A court in Rotterdam has ruled that the Boijmans Van Beuningen museum can keep disputed art worth millions of euros, the NRC reports.
The decision comes after 20 years of legal wrangling over 600 drawings by old masters, including Rembrandt, Lucas van Leyden and Hendrick Avercamp. Their ownership is disputed by the heirs of the former owner, collector Franz Koenigs. They say Koenigs, who died in 1941, loaned the works to the museum in 1935.
The museum, however, says the drawings formed part of an earlier loan of works by the German businessman, which were bought by the Rotterdam shipping magnate D.G. van Beuningen in 1940. Van Beuningen later gave part of the collection to the museum that bears his name, the paper writes.
The judge backed the museum’s version of events and decided that the fact that the loan was not properly entered into the museum’s books was not a decisive factor in the case, the paper writes.
The heirs have announced they will appeal against the decision.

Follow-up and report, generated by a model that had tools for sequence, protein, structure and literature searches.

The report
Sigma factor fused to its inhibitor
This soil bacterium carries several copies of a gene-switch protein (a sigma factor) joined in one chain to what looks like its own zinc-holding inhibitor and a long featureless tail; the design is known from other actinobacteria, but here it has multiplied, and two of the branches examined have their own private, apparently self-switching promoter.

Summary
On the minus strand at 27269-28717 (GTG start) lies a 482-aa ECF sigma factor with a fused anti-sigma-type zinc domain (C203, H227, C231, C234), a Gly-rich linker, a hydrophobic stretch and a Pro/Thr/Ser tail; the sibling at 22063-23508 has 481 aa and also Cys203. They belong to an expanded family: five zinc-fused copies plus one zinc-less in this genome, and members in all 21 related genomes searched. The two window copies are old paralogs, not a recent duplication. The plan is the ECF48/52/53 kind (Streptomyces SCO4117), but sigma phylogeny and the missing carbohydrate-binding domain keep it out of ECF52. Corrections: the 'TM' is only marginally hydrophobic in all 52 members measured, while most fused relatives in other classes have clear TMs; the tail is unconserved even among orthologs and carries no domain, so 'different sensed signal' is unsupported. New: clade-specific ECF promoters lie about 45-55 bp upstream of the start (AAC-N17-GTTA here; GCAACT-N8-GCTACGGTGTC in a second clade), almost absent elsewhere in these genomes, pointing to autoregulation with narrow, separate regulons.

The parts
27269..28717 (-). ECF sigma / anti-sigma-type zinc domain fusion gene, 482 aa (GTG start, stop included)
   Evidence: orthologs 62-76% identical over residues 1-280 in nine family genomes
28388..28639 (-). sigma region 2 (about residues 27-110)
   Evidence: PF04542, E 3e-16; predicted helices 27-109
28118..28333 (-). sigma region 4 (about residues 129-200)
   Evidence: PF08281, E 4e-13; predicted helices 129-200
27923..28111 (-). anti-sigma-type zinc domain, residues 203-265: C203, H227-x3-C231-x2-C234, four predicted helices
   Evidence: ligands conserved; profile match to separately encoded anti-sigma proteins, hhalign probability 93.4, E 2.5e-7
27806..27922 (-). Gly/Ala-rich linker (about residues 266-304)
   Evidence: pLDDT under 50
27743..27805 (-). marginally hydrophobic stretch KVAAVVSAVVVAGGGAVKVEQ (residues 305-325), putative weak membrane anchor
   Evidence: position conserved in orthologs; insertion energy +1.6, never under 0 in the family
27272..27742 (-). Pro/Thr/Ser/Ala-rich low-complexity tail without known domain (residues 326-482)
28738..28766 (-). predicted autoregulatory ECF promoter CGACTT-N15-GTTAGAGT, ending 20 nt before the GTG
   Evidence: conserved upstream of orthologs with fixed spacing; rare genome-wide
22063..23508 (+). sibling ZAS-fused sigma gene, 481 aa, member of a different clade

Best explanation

War time role
The case once again highlighted the doubtful role Van Beuningen played during the war, the paper says
The shipping magnate covertly sold part of the Koenigs collection and other art works to Hitler during the German occupation. According to lawyers, this makes Van Beuningen, who was never prosecuted for his deeds, a collaborator with the Nazi regime, the NRC said in an earlier article.
According to Sjarel Ex, the director of the Boijmans Van Beuningen museum, the sale of 500 drawings and 19 paintings to fill the walls of Hitler’s Führer museum should be classified as an ‘economic misdemeanour’ rather than ‘economic collaboration’ which was punishable by law.
Economist and publicist Arnold Heertje and Israel information and documentation centre CIDI director Ronny Naftaniel have been calling for a removal of the name Van Beuningen.
The museum is preparing an exhibition on the war time history of the museum which will open in October of next year.
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